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Black hole
Burns, Charles
Adult Fiction BURNS

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From Publishers' Weekly:

The prodigiously talented Burns hit the comics scene in the '80s via Raw magazine, wielding razor-sharp, ironic-retro graphics. Over the years his work has developed a horrific subtext perpetually lurking beneath the mundane suburban surface. In the dense, unnerving Black Hole, Burns combines realism-never a concern for him before-and an almost convulsive surrealism. The setting is Seattle during the early '70s. A sexually transmitted disease, the "bug," is spreading among teenagers. Those who get it develop bizarre mutations-sometimes subtle, like a tiny mouth at the base of one boy's neck, and sometimes obvious and grotesque. The most visibly deformed victims end up living as homeless campers in the woods, venturing into the streets only when they have to, shunned by normal society. The story follows two teens, Keith and Chris, as they get the bug. Their dreams and hallucinations-made of deeply disturbing symbolism merging sexuality and sickness-are a key part of the tale. The AIDS metaphor is obvious, but the bug also amplifies already existing teen emotions and the wrenching changes of puberty. Burns's art is inhumanly precise, and he makes ordinary scenes as creepy as his nightmare visions of a world where intimacy means a life worse than death. (Oct.) (c) Copyright PWxyz, LLC. All rights reserved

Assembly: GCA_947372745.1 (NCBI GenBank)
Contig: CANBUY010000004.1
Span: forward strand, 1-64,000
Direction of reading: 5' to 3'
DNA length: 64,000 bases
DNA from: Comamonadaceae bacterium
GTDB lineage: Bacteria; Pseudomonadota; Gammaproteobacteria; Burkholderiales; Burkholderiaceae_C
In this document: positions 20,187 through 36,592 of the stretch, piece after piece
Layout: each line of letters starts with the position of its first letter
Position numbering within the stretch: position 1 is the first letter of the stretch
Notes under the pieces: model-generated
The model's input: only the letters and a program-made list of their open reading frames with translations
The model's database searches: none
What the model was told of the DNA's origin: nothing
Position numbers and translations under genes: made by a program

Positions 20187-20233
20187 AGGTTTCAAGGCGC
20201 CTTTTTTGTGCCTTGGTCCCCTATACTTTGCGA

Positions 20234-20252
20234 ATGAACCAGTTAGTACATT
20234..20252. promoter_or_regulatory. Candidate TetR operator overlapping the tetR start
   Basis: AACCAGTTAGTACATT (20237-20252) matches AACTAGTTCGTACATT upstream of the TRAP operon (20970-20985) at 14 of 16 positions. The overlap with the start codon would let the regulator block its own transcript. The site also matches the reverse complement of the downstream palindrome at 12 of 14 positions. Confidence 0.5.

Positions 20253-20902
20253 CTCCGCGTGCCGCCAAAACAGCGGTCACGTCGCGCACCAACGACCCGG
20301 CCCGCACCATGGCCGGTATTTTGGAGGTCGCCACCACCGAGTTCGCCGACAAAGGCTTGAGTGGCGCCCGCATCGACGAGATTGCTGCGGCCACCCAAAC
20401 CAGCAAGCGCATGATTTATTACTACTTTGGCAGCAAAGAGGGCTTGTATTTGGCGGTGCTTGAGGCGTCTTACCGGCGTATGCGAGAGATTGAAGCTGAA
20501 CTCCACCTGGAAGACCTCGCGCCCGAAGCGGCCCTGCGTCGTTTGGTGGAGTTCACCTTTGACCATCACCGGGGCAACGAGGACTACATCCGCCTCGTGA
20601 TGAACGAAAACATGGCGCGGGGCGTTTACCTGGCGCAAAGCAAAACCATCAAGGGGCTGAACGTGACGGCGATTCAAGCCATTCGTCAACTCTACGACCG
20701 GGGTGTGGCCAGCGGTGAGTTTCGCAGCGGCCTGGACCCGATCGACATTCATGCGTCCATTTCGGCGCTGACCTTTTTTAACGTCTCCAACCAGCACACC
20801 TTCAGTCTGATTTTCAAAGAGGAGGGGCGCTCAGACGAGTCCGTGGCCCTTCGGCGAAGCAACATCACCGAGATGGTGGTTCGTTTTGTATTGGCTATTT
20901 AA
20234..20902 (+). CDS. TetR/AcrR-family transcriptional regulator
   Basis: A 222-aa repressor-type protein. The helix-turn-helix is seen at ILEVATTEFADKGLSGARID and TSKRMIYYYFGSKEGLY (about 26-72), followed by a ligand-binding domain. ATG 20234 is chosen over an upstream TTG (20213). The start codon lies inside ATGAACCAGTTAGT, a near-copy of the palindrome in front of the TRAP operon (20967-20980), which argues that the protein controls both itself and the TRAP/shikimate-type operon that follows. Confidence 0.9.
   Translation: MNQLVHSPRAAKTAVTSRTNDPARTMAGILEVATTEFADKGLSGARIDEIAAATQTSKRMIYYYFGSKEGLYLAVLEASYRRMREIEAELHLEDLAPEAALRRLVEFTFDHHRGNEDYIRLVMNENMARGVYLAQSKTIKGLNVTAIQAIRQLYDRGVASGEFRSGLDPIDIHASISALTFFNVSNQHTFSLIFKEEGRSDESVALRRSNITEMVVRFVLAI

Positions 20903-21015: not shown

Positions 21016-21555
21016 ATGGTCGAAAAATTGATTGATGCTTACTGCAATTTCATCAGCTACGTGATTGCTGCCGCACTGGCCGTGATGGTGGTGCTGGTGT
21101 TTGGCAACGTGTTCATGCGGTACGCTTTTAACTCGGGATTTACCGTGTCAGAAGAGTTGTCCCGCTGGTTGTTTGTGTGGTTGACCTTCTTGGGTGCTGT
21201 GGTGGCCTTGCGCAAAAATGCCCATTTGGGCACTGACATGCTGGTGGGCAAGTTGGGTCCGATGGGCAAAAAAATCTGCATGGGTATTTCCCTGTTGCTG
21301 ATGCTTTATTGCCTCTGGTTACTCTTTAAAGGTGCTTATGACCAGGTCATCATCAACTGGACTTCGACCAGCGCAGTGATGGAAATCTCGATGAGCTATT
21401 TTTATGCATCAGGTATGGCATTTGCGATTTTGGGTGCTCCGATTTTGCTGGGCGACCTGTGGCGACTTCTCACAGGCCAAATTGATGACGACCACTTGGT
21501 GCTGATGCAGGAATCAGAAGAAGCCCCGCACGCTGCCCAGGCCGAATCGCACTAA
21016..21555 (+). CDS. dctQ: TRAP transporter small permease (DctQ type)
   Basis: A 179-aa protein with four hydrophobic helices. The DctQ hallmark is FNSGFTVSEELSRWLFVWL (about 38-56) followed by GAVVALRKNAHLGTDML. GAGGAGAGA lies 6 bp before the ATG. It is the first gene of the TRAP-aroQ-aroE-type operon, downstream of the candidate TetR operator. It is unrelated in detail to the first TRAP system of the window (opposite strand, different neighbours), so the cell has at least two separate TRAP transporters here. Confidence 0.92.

From Library Journal:

Burns has been serializing this chilling story, nominated for several Eisner and Harvey Awards, since 1994. It depicts a group of mid-1970s high school students and their everyday lives of partying, drugs, and sex, with one horrific deviation from reality: an apparently incurable sexually transmitted disease referred to only as "the Bug," which mutates its victims in grotesque ways. One victim grows a tail, another grows a second mouth on his chest; some can still pass as normal in society, while others, more noticeably changed, live in a makeshift tent camp in the woods. The story, told in a suspense-building non-linear manner, largely follows one attractive girl who catches the Bug and is forced into hiding with her boyfriend, while someone is apparently stalking the frightened outcasts in the woods. Burns's highly polished cartooning combines naturalism with jolts of unreal horror; his frequent dream sequences are full of bizarre, nightmarish imagery. The Bug seems not just a metaphor for AIDS, but a metaphor for how teen sex itself is often viewed: as something that taints those who do it, and separates them from those who haven't. With full-frontal nudity, sex, and disturbing imagery, this is for adult collections. (c) Copyright 2010. Library Journals LLC, a wholly owned subsidiary of Media Source, Inc. No redistribution permitted.

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